In case you haven’t noticed, Google is not at all happy about having to sift through thousands of different takedown requests from citizens in Europe who want to be “forgotten” in its search results. In an editorial written for The Guardian, Google chief legal officer David Drummond says that Google has so far received 70,000 takedown requests and they aren’t all from some poor kid whose most embarrassing moment got memorialized by a viral YouTube video.
“The examples we’ve seen so far highlight the difficult value judgments search engines and European society now face: former politicians wanting posts removed that criticise their policies in office; serious, violent criminals asking for articles about their crimes to be deleted; bad reviews for professionals like architects and teachers; comments that people have written themselves (and now regret),” Drummond writes. “In each case someone wants the information hidden, while others might argue that it should be out in the open.”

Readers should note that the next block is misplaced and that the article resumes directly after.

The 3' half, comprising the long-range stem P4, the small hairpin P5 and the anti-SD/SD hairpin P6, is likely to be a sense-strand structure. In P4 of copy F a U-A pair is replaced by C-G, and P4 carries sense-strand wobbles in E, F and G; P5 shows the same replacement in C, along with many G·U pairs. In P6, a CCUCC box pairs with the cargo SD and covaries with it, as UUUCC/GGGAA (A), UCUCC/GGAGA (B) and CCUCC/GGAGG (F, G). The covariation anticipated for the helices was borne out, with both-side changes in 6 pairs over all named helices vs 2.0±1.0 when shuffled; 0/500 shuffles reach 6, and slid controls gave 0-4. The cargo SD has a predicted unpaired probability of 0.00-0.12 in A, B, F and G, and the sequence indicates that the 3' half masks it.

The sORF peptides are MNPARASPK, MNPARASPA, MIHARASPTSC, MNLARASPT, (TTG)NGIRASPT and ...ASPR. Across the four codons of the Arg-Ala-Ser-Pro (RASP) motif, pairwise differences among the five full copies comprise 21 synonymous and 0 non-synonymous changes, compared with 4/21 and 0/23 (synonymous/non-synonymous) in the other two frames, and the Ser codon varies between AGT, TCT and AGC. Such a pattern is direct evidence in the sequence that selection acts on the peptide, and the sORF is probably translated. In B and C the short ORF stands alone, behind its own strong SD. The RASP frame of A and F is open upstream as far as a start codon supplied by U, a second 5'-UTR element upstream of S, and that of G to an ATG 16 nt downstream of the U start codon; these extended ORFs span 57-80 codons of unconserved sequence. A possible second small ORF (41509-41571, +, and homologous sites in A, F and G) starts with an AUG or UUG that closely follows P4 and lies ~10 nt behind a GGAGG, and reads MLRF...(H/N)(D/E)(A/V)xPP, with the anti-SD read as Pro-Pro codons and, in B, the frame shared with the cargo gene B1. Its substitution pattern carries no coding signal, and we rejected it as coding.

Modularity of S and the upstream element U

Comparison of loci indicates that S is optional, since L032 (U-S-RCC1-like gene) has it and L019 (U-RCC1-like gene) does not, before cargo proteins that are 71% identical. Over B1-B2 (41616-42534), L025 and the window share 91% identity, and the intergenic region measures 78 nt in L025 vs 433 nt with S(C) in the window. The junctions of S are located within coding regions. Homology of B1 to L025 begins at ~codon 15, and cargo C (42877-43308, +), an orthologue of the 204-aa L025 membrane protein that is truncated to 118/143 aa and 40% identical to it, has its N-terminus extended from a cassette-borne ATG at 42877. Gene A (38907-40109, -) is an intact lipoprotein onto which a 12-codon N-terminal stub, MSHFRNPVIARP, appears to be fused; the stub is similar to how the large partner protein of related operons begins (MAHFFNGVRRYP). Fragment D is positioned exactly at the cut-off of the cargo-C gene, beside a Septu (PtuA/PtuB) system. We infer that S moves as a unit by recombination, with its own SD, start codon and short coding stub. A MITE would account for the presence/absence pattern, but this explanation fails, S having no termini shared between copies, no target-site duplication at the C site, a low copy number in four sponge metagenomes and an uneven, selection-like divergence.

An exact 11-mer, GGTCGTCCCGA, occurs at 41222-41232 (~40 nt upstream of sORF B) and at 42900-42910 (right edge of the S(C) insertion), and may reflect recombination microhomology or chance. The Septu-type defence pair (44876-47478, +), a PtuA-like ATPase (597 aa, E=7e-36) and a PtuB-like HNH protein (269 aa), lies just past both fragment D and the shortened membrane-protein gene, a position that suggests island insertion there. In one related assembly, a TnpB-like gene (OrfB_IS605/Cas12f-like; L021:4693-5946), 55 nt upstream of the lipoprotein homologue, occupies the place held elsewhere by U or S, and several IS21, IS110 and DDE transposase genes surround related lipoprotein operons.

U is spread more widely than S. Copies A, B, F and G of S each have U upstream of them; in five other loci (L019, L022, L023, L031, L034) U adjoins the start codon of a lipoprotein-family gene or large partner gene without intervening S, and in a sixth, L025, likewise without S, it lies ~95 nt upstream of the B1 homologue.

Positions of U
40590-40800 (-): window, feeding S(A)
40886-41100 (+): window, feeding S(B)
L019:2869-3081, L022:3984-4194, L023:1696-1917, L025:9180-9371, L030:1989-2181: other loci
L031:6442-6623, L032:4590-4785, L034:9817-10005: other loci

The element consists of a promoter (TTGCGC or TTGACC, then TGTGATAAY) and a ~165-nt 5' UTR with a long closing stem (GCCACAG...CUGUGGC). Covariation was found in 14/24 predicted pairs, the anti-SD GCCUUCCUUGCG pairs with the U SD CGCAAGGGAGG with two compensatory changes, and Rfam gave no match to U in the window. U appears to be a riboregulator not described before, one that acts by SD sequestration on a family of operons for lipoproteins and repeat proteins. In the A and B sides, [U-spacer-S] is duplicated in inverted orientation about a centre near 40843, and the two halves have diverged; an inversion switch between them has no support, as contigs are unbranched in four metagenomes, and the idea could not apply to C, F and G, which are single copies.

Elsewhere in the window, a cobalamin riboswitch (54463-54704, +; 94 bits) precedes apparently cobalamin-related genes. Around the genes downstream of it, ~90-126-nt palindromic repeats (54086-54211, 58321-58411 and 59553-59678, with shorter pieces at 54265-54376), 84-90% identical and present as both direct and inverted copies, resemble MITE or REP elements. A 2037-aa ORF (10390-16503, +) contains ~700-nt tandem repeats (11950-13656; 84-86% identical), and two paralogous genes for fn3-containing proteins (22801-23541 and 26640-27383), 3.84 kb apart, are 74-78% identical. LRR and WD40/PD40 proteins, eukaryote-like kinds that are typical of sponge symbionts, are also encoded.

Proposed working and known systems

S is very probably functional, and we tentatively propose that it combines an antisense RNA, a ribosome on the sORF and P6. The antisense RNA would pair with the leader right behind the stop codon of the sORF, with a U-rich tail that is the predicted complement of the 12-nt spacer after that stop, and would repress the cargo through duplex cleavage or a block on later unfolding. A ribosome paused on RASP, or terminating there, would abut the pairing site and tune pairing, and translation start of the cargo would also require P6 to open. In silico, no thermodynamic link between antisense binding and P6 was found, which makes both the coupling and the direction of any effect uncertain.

The most controversial Google search takedown we’ve seen so far came when Google notified BBC News that it was removing an article about disgraced former Merrill Lynch CEO Stan O’Neal. Google later revealed that O’Neal wasn’t the person who requested the takedown and that the link removal was requested by someone mentioned in the article’s comments section. That said, the case did raise troubling questions about just what information people could ask Google to erase from history.
Check out Drummond’s full editorial by clicking the source link below.